But the new system gives ordinary people a say in preventing spills, and supporters say that will prevent complacency.
"We have somebody who is going to keep the industry, and keep the government, on our toes because they'll be looking over our shoulders," said Steve Provant, who was Robbins' counterpart in state government during the cleanup. "I think as long as the citizen groups don't let down their guard, they will keep us from getting complacent."
A citizens' oversight group formed to keep an eye on Alyeska held its first annual meeting in Valdez this past weekend. It operates with a $2 million-a- year budget provided by Alyeska and has the blessing of Congress.
The 1990 Oil Pollution Act also created a citizens' oversight group in Cook Inlet. But the Inlet has, so far, played the role of the Sound's poor cousin, and many of the same improvements have not taken place there.
Homer environmentalist Larry Smith said the Cook Inlet citizens' group, of which he is a member, still is working on a funding contract with a cleanup co-op of local government and industry that formed early this year. The Inlet committee will have to make do with a third as much money and without the permanent guaranteed funding the Sound group has from Alyeska. The Inlet cleanup co-op's budget is five times what a predecessor co-op was spending, but its operating budget is a tenth as much as that of Alyeska's cleanup group.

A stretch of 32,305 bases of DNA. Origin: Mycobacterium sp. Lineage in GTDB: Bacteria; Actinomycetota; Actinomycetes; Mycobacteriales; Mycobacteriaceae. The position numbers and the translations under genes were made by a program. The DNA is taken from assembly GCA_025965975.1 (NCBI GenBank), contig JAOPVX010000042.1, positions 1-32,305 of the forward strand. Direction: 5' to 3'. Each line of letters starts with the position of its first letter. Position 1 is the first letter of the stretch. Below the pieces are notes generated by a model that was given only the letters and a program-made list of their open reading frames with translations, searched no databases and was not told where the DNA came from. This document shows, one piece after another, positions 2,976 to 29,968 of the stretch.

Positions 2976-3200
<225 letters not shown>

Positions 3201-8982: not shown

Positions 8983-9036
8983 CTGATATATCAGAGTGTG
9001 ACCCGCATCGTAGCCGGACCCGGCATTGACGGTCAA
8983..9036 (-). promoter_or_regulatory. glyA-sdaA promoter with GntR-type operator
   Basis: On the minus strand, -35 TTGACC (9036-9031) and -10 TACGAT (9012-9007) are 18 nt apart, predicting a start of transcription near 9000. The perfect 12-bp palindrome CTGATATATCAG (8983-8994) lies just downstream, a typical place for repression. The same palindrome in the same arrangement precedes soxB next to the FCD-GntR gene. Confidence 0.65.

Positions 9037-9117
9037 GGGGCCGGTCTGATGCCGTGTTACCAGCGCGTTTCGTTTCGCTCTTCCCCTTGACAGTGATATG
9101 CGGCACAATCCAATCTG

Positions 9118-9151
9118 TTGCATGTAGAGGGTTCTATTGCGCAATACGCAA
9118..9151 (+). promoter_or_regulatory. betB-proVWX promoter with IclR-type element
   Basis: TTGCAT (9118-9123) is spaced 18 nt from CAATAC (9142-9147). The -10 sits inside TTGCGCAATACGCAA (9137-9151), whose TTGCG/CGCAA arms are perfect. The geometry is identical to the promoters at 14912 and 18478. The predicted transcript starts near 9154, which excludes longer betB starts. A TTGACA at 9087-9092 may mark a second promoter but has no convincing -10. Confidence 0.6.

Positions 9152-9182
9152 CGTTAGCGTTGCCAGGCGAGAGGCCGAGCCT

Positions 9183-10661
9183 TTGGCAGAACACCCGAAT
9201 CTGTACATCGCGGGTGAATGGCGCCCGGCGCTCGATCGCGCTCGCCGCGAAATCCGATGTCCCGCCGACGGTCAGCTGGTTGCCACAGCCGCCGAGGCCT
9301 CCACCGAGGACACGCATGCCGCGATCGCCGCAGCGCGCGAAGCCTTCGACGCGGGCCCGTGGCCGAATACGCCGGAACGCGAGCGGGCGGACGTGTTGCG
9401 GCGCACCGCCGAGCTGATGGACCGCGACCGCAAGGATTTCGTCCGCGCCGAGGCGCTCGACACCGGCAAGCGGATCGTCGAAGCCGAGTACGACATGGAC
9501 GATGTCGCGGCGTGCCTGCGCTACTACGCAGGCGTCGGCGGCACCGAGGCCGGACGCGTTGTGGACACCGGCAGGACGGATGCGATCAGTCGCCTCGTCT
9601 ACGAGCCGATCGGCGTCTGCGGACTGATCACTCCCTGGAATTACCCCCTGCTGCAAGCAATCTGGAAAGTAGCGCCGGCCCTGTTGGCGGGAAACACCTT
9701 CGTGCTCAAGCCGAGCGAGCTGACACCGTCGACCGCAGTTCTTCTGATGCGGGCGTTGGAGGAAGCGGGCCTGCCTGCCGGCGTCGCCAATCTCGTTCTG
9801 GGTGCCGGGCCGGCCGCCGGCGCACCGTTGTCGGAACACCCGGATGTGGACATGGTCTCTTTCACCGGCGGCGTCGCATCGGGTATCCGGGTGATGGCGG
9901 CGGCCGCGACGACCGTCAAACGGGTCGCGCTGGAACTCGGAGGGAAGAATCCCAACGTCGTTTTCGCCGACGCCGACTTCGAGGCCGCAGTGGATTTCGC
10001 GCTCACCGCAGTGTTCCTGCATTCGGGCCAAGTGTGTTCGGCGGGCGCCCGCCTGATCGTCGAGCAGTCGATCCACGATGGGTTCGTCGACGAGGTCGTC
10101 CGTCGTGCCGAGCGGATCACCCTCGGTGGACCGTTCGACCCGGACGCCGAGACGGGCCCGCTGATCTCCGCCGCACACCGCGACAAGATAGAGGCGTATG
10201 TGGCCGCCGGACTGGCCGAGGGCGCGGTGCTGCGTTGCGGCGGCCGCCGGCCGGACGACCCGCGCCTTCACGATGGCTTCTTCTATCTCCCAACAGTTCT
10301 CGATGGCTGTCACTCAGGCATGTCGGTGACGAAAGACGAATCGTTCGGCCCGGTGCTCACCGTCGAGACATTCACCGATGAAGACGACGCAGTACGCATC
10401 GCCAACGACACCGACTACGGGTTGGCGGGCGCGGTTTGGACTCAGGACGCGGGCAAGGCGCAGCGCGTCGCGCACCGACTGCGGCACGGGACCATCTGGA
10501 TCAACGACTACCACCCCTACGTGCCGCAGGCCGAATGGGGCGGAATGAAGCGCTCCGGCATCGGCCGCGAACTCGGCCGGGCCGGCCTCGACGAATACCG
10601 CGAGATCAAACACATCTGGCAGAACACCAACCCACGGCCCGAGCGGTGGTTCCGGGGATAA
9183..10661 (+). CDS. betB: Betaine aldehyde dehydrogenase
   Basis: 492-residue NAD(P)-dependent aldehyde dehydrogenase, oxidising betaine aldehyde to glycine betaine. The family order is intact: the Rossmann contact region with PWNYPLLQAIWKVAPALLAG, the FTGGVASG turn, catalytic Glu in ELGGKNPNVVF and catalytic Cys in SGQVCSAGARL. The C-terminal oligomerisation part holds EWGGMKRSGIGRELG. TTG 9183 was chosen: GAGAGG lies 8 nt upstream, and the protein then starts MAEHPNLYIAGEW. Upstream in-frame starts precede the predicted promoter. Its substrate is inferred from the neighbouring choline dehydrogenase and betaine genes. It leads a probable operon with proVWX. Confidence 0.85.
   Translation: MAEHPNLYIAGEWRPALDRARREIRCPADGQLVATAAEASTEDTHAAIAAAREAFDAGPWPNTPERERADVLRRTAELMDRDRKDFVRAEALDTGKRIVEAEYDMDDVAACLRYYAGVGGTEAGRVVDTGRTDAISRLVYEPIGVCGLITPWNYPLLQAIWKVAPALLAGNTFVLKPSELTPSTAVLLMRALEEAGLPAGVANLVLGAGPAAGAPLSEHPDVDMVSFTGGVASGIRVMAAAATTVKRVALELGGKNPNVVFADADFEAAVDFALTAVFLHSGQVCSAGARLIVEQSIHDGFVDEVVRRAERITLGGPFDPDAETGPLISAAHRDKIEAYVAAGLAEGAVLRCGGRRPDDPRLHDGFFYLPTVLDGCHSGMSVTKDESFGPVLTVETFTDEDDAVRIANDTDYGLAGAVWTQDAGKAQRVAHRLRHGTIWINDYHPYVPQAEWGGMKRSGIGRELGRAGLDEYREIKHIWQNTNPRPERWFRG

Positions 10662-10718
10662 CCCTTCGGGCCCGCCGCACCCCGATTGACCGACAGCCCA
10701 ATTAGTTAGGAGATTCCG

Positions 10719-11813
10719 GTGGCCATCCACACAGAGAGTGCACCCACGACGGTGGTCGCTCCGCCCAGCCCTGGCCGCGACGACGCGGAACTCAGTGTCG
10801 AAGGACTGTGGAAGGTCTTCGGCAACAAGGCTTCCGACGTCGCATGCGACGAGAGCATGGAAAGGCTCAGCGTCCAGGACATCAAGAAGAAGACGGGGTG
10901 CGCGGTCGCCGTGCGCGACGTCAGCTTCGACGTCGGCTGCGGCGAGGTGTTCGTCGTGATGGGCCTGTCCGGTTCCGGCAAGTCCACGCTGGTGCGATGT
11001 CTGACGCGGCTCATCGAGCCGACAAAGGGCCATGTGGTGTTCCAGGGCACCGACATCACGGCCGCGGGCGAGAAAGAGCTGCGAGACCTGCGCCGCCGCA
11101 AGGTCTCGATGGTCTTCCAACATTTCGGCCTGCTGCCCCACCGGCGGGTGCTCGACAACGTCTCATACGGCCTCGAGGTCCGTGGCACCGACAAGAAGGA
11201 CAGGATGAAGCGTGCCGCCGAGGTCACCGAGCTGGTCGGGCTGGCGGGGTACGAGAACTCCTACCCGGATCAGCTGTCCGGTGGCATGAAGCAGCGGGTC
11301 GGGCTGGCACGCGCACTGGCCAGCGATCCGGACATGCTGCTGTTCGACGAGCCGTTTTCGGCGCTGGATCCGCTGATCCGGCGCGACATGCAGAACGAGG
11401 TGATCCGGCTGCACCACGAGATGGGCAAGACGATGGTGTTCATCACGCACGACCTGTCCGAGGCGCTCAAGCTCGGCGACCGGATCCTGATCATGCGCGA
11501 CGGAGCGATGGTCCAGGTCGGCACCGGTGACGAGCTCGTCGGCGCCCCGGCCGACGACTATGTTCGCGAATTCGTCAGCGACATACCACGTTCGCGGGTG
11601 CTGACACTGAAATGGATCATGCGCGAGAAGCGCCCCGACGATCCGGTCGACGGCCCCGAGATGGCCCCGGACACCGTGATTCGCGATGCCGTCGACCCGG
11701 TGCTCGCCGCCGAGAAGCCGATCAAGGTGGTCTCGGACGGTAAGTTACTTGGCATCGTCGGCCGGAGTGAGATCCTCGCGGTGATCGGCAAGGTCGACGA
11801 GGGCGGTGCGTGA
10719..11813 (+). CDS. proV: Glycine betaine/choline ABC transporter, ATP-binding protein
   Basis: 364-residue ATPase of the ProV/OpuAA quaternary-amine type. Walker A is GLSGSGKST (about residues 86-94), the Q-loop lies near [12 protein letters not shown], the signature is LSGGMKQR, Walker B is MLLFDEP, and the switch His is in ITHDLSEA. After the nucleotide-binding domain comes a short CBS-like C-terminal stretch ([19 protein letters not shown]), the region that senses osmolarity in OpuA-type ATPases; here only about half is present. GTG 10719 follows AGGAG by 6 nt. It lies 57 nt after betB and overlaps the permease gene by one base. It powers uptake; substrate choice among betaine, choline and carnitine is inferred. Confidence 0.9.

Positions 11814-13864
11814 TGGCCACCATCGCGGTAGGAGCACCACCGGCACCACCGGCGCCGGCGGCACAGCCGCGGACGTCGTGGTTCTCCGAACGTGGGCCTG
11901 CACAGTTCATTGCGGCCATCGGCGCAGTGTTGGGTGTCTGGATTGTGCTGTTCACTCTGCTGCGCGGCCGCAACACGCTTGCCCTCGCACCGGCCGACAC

The Inlet has fewer and smaller tankers passing through it than transit the Sound, but Smith said it also has worse problems more ice, bigger tides and stronger currents.
"Just to have someone standing by to keep a tanker from going on the rocks if it loses power just a vessel that is capable of that (environmentalists have) made that request, and no part of it has been answered," Smith said.
But Gene Burden, vice president of environmental and government relations for Tesoro Alaska Petroleum Co., said having escort vessels on standby would be too expensive with the amount of shipping in the Inlet. Tesoro has already doubled and redoubled its spending on spill prevention and response in the last year, he said. Smith agreed Tesoro has been a leader. It is paying 45 percent of the cost of the new spill co-op.
"We've got a diverse group here," Burden said. "We don't have an Alyeska, and we don't have the ability to charge off spill response costs as shipping expenses."
Those problems, as well as fights over new oil development in the arctic, implementation of state spill regulations, retirement of worn-out tankers, and chronic pollution from the Alyeska oil terminal, currently preoccupy environmentalists who already are on a winning roll from the last two years.
The Exxon Valdez spill has changed the ground rules of the fight. People inside and outside the oil industry say its attitude toward avoiding environmental accidents has changed.
"There were a lot of people in industry who saw Exxon had to pay $2.2 billion for the cleanup and $1.1 billion for the settlement and that's the kind of money that gets your attention," Stevens said.
Scott Nauman, who fought the spill for Exxon and now heads its Alaska operations, said the spill changed the company and nation more deeply than that.
"The impact it had, in that way, way overshadowed the dollars involved," he said. "In some ways, it's kind of a shock back to reality."
The spill became a national symbol of nearly irresistible power. And some of that power ended up in the hands of local environmentalists, like Cindy Lowry of Greenpeace, who before felt they were ignored.
A few days into the oil spill, Lowry found a dead, oily otter in a dumpster in Valdez and tried to smuggle it into an Exxon press conference. The mission failed, but she soon realized that demonstrations were unnecessary.
"There was no reason to do anything with direct action," she said. "The spill itself says it all."